Anatomy of the Brain
It is important to fully understand the anatomy of the brain when understanding traumatic brain injuries (TBIs). Traumatic brain injuries are often very complex and in order to evaluate and assess the damage component of the TBI one must ensure they are prepared to handle the challenges of a complex medical situation with a myriad of possible prognoses.
The anatomy of the brain is complex due its intricate structure and function. This amazing organ acts as a control center by receiving, interpreting, and directing sensory information throughout the body. There are three major divisions of the brain. They are:
- Forebrain – responsible for a variety of functions including receiving and processing sensory information, thinking, perceiving, producing and understanding language, and controlling motor function.
- Midbrain – and the hindbrain together make up the brainstem. The midbrain is the portion of the brainstem that connects the hindbrain and the forebrain. This region of the brain is involved in auditory and visual responses as well as motor function.
- Hindbrain – extends from the spinal cord and is composed of the metencephalon and myelencephalon. The metencephalon contains structures such as the pons and cerebellum. These regions assists in maintaining balance and equillbrium, movement coordination, and the conduction of sensory information. The myelencephanlon is composed of the medulla oblongata which is responsible for controlling such autonomic functions as breathing, heart rate, and digestion.
A healthy adult brain weighs about 2 and a half to 3 pounds, and is located inside the skull, which protects the brain from injury.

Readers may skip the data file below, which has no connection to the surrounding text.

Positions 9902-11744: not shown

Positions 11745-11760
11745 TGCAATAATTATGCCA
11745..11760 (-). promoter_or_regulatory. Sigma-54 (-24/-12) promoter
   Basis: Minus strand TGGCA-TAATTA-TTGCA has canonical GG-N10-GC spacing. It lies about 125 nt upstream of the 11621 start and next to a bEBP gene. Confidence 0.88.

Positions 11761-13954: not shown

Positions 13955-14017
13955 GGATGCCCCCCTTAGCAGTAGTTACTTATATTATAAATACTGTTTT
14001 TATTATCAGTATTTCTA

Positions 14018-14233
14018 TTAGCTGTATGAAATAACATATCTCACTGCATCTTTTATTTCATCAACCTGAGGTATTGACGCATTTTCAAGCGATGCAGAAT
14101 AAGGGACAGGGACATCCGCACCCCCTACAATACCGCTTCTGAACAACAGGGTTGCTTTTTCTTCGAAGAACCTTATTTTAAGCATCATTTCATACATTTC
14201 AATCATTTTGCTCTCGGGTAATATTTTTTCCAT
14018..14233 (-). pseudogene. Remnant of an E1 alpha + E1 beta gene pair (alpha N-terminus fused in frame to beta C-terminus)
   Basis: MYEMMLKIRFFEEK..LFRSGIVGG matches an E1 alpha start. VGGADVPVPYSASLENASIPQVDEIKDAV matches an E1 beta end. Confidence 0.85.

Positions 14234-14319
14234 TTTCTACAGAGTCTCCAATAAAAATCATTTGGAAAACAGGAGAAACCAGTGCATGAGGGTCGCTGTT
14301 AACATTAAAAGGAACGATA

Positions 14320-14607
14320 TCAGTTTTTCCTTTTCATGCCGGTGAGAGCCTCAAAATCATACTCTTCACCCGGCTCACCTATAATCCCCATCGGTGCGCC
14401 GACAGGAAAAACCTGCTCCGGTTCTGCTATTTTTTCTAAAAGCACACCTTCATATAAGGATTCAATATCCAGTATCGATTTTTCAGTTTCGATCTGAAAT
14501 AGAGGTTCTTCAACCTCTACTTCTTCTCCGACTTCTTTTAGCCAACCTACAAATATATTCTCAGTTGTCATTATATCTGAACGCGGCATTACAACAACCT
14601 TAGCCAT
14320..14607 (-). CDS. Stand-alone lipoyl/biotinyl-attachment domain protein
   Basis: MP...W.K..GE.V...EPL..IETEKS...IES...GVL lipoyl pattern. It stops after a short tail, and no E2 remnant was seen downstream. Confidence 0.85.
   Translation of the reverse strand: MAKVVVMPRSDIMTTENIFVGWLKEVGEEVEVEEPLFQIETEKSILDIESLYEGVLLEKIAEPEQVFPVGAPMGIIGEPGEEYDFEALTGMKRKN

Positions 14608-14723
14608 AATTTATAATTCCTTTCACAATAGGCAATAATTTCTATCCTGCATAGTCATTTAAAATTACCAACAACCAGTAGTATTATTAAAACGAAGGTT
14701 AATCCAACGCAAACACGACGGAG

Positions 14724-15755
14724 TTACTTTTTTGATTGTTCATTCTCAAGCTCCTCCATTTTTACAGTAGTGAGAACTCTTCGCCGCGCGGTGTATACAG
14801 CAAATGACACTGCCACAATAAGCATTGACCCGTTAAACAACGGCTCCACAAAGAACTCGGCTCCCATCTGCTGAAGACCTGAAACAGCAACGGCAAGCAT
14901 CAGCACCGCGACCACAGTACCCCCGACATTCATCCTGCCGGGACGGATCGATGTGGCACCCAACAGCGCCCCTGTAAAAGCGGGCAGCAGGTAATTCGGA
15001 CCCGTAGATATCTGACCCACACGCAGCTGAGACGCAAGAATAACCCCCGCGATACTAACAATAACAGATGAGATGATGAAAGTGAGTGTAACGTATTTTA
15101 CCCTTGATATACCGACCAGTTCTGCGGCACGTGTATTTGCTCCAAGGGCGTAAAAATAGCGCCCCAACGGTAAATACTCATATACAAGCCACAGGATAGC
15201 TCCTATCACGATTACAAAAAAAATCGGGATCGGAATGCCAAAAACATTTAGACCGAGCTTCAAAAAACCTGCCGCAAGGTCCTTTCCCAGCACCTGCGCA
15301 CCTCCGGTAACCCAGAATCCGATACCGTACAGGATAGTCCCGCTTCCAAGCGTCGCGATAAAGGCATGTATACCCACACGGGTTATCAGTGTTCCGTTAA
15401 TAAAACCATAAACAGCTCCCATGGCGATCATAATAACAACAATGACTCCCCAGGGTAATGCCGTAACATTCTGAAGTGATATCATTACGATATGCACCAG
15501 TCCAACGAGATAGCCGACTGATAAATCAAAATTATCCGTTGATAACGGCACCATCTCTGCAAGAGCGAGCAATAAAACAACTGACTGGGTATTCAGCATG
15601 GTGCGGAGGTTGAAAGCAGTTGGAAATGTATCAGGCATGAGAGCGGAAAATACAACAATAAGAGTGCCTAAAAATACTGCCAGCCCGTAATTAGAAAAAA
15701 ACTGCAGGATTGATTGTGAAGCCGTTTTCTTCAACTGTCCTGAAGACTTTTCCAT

Inside the skull, the brain is covered by three think protective layers called the meninges. The space between the meninges and the brain is filled with a clear liquid called cerebral spinal fluid. This fluid works to keep the central nervous system healthy.
The most basic functions of the brain, such as breathing, are controlled at the deepest level, called the brain stem. Further up in the brain, more complicated functions, such as emotions are controlled. At the highest levels, the most complex functions such as reasoning are found.
The outermost and largest part of the brain is called the cerebrum and it controls things like thoughts and actions. It consists of folded bulges called gyri that create deep furrows. The cerebrum is divided into four sections, called lobes:
- Frontal Lobes – involved with decision-making, problem solving, and planning
- Occipital Lobes – involved with vision and color recognition
- Parietal Lobes – receives and processes sensory information
- Temporal Lobes – involved with emotional responses, memory, and speech
Beneath the cerebrum is the limbic system, sometimes referred to as the “emotional brain.” The limbic system structures are:
Amygdala – involved in emotional responses, hormonal secretions, and memory
Cingulate Gyrus – a fold in the brain involved with sensory input concerning emotions and the regulation of aggressive behavior
Fornix – an arching, fibrous band of nerve fibers that connect the hippocampus to the hypothalamus
Hippocampus – sends memories out to the appropriate part of the cerebral hemisphere for long-term storage and retrievs them when necessary
Hypothalamus – directs a multitude of important functions such as body temperature, hunger, and homeostasis
Olfactory Cortex – receives sensory information from the olfactory bulb and is involved in the identification of odors
Thalamus – mass of grey matter cells that relay sensory signals to and from the spinal cord and the cerebrum
Located at the back of the brain beneath the occipital lobes, is the cerebellum. Like the cerebrum, the cerebellum is divided into two halves, called hemispheres. The main job of the cerebellum is to control, regulate and coordinate movement, posture, and balance.
Brain Injury Information
- Anatomy of the Brain
- Brain Injury Glossary
- Brain Injury Prevention
- Brain Injury Statistics
- Children’s Brain Injuries
- Common Causes of TBI
- Concussion Checklist
- Effects of Brain Injury
- Emotional Changes Associated with Brain Injury
- Financial Costs of Brain Injuries
- Football Brain Injuries
- Recovery from Traumatic Brain Injury (TBI)
- Symptoms of Brain Injury
- TBI Frequently Asked Questions
- Treatment for TBI
- What is Traumatic Brain Injury?
- What To Do After a Concussion